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Gut 49:757-760 doi:10.1136/gut.49.6.757
  • Debate
  • ANTAGONIST

Mycobacterium avium subspecies paratuberculosis is a cause of Crohn's disease

  1. P Quirke
  1. Academic Unit of Pathology, University of Leeds, Leeds LS2 9JT, UK
  1. Professor P Quirke.philq{at}pathology.leeds.ac.uk
  • Accepted 5 September 2001

The hypothesis that Mycobacterium paratuberculosis is the cause of Crohn's disease has been with us for over 80 years.1 Yet the hypothesis remains controversial and unproved.2-5 In spite of advances in molecular techniques such as polymerase chain reaction (PCR) which has shed light on the infectious basis of many other diseases (Whipple's disease, Helicobacter pylori, hepatitis C, etc.), the cause of Crohn's disease remains unknown.

The competing hypotheses are widely known:

(1)
Genetic predisposition.
(2)
Other infectious agents such as measles virus or an unknown agent.
(3)
Abnormal autoimmune reaction to antigen(s).
(4)
Environmental factors within the gut related either to dietary factors or the microbiological environment.

 There is little controversy over a genetic component to the disease but this hypothesis alone cannot explain the increasing incidence. It appears most likely that the cause of Crohn's disease is a combination of a genetic predisposition to the disease and one or more of the alternative hypotheses. For the infectious disease hypothesis to be proved for any organism, Koch's postulates need to be fulfilled. It is clear that to date these have yet to be met forM paratuberculosis. Van Kruiningen2 has extensively reviewed the data on culture of M paratuberculosis in Crohn's disease, experimental transmission of Crohn's disease, and inoculation withM paratuberculosis, and has found the evidence wanting. There is also no evidence of direct transmission from animal to humans, despite the frequent occurrence ofM paratuberculosis (up to 54% in some cattle herds3) and Johne's disease in cattle, its detection in cows milk, and the presence of M paratuberculosis in a number of other animals. High risk groups susceptible to transmission of the disease would be families of cattle and sheep farmers, abattoir workers, veterinary surgeons, and possibly gastroenterologists. To date, there is no such evidence.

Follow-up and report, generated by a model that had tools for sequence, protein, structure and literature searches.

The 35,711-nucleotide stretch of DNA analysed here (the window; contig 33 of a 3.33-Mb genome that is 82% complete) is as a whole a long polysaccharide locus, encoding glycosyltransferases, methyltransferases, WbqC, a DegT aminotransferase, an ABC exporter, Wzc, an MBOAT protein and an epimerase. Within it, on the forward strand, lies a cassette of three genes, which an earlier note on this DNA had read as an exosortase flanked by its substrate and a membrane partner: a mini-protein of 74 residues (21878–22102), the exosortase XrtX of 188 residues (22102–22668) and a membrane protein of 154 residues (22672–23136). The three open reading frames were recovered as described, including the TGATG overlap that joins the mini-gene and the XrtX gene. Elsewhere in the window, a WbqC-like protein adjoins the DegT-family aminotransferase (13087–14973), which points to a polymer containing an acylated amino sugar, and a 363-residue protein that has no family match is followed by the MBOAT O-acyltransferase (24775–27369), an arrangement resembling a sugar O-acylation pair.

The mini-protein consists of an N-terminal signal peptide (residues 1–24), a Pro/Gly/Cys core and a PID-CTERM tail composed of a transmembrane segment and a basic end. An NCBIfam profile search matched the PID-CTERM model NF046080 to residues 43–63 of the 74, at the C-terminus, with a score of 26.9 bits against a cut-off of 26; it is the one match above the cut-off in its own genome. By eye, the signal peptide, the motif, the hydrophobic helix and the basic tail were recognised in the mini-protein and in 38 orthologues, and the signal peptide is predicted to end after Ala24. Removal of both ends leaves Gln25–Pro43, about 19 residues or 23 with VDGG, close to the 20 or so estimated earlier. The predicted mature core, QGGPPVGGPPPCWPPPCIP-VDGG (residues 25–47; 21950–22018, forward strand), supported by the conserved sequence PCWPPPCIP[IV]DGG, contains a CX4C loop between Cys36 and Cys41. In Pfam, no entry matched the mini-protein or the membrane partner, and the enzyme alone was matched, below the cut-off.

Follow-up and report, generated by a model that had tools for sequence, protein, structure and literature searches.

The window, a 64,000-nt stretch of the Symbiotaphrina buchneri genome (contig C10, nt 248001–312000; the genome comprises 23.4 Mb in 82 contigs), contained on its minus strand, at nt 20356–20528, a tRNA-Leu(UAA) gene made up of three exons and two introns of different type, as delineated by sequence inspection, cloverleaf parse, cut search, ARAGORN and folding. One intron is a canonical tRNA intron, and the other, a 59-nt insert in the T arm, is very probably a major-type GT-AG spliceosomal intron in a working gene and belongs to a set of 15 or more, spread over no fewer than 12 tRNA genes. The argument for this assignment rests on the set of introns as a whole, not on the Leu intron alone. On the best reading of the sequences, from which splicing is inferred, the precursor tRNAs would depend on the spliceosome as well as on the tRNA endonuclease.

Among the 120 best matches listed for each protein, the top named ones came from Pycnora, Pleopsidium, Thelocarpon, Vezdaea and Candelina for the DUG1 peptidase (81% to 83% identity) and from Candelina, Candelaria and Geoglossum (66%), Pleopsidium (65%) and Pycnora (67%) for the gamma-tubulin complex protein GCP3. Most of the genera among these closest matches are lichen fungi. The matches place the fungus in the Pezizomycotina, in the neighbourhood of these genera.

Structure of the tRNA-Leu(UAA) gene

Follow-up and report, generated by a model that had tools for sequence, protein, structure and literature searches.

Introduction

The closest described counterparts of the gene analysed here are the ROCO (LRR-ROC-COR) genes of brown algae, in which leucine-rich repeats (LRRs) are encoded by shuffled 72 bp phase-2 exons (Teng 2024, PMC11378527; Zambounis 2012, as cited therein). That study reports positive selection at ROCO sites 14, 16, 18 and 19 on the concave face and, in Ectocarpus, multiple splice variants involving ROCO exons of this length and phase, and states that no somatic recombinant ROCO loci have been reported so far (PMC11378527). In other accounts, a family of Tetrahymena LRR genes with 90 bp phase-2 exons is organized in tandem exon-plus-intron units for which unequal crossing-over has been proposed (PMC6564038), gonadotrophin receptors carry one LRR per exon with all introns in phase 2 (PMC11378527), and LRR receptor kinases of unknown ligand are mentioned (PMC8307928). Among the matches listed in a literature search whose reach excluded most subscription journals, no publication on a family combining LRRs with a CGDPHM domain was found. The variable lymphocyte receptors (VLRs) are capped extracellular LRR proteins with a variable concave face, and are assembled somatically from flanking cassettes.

There are pathological similarities between Johne's disease and Crohn's disease but there are also many features that are not found. These are eloquently detailed by Van Kruiningen2 and will not be …